By John Lash.
I was a reasonably well behaved child. I got in a little trouble at school and home, but nothing unusual. I even got into a few fights, but they were brief and I was usually on the losing end. These weren’t seen as much to be worried about, and kids were expected to shake hands and go on about their business. I am not suggesting that things should be that way today. In fact, I have seen that parents’ willingness to let kids fight, or even to expect them to fight, can lead to some serious problems.
Still, the case of a 9-year-old girl who, nearly a year ago, was detained by police in Portland, Ore., raises some serious questions about the city’s policing policies towards kids. The case (covered for nearly a year byMaxine Bernstein of The Oregonian) has received attention both domestically and internationally and interest has been renewed after the girl’s mother took her case to a police oversight committee recently.
By all accounts the girl got into a fight at a youth club. She was apparently intervening in an argument between two other girls that turned into a fight between her and one of them. Staff broke up the fight and reported that the girl had continued to strike out while being restrained. There were no obvious injuries and the girl was suspended from the club for a week and sent home. The girls apologized to one another.
The mother of the girl she had been fighting with called the police later, complaining that her daughter had a mark on her face and her head had been banged into a wall. The police took a picture and went to talk to the girl, but she wasn’t there.
Six days later things took a more serious turn. Two police officers arrived at the girl’s home and questioned her about the fight. They then placed her in handcuffs, put her in their car and drove her to the downtown police station to be fingerprinted and photographed.
“When they put handcuffs on, I thought, ‘Wait a minute, this has got to be a joke’” the girl’s mother said. “The look on my daughter’s face went from humiliation and fear, to a look of sheer panic.”
The reason for this decision? The girl gave “vague answers” and her version was “inconsistent” with other reports, it seems. She also appeared to the officer to be angry when they asked about what had happened. They also noticed that she was breathing fast and looking at the ground. The questioning was described by the mother as aggressive, and when the police moved to take the girl to the station they refused to let the mother accompany her. The mother took a bus to the police station, choosing to let her daughter remain at the station for over an hour rather than suffer the humiliation of arriving home in a squad car.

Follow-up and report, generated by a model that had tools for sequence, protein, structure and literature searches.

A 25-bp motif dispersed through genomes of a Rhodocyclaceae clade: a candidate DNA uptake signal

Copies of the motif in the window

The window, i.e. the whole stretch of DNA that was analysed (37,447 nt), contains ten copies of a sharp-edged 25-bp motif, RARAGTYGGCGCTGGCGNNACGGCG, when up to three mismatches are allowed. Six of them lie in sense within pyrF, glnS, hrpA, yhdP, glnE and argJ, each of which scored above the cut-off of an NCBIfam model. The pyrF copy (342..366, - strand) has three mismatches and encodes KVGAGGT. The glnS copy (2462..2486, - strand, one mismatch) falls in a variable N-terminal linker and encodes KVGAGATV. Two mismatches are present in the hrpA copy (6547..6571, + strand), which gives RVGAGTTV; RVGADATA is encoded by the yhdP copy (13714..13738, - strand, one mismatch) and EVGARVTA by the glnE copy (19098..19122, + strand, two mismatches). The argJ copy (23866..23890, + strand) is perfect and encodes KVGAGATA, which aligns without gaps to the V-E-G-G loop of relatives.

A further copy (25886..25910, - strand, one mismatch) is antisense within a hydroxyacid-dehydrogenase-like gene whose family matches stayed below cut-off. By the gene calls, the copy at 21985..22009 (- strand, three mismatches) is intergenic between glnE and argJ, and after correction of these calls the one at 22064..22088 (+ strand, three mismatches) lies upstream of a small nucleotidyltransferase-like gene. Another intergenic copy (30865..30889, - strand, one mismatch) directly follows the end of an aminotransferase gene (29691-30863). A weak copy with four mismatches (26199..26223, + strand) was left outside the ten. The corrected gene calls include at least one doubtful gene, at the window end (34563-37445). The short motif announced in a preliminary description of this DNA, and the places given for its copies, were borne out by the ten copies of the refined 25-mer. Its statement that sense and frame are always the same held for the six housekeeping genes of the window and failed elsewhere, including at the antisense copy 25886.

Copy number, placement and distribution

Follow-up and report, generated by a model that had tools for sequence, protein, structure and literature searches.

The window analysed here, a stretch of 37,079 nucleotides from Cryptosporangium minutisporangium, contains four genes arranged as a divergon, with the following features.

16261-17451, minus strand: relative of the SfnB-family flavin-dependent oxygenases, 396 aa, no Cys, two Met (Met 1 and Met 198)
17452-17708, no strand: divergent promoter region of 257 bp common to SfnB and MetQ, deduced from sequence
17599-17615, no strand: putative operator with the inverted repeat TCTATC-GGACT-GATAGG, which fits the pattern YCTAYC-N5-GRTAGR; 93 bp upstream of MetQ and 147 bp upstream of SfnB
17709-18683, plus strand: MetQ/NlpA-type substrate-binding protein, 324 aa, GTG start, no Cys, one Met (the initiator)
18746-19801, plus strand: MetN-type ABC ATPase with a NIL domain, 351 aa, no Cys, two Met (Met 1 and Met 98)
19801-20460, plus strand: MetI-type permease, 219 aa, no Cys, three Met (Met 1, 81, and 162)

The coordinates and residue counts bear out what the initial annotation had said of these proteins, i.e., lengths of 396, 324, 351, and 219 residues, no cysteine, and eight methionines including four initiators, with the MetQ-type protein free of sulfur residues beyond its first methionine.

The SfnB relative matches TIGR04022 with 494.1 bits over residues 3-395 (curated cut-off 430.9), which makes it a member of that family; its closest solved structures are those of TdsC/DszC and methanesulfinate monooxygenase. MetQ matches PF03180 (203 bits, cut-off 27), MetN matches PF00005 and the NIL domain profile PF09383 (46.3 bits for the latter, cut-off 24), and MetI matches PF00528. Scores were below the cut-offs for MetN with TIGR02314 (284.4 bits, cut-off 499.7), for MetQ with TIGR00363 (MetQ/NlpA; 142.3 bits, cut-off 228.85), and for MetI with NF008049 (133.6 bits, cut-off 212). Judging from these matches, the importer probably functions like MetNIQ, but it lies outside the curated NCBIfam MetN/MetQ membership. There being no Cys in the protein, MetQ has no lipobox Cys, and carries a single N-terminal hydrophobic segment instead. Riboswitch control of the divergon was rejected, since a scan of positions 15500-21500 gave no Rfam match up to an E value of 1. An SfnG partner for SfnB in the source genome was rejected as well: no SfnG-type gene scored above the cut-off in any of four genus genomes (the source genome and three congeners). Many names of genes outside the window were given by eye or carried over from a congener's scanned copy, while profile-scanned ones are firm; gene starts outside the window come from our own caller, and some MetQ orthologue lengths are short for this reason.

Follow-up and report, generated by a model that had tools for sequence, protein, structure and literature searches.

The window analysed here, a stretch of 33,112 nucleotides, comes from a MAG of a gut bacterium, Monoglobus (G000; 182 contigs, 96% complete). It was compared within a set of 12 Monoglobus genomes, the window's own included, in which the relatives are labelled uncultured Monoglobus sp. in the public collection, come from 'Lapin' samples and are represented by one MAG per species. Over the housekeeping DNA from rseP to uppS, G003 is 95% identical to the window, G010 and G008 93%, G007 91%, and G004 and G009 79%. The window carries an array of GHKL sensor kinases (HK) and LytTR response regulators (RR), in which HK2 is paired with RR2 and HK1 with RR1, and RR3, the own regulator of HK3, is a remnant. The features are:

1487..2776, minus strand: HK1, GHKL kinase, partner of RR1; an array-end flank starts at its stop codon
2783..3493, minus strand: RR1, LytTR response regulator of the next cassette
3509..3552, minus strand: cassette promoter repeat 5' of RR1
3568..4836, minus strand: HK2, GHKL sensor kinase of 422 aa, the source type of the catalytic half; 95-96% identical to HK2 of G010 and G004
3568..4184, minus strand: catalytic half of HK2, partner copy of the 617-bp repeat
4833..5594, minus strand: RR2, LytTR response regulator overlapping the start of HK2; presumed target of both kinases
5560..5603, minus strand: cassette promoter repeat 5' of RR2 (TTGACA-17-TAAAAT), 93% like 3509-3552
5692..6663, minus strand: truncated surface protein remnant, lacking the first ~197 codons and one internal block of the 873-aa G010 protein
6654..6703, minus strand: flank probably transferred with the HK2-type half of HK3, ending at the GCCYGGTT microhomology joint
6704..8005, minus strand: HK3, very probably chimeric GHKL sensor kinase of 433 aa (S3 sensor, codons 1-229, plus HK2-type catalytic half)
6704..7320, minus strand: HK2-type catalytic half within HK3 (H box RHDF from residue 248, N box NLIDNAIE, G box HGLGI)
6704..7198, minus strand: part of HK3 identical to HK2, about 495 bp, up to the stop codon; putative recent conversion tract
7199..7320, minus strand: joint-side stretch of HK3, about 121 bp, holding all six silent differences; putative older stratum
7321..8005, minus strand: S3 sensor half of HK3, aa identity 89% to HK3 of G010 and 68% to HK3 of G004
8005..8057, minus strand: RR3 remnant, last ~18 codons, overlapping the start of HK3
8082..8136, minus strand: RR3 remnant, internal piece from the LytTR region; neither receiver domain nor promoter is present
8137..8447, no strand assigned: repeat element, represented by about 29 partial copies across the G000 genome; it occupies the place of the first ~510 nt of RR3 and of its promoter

No charges were ever filed. The mother complained to the police, but no real action was taken. The officers hadn’t broken any rule or violated any departmental policies she was told. That’s what led her to make another complaint this time to the Citizen Review Committee, and this one garnered that support of advocates for youth and more widespread protests against the overreaction of the police force.
The upshot has been a proposal to update departmental policy and address what police administrators described as a “gap” in how such cases are handled. These changes are welcomed, and it is wonderful that they come in response to a coalition of interested advocates, citizens and parents. It hasn’t been without cost though. The girl, taunted by her classmates has been removed from a school she loved, and now, following the renewed publicity of her case she has been reportedly retraumatized.
This case is, I hope, an aberration in its extremity, but it points to the continuing criminalization of what was once seen to be normal child behavior. With the resources of communities overcommitted to policing (a phenomenon growing out of the war on drugs and zero tolerance violence policies) it’s no surprise that the police are being used to solve what were once considered to be social problems. Just as they are asked to deal with the mentally ill, the homeless and the poor, cops are tasked with dealing with 9-year-olds who are fighting. If the only tool you have is a hammer… Well, you know the rest.
Originally posted at the Juvenile Justice Information Exchange.
The Juvenile Justice Information Exchange (JJIE) is the only publication covering juvenile justice and related issues nationally on a consistent, daily basis.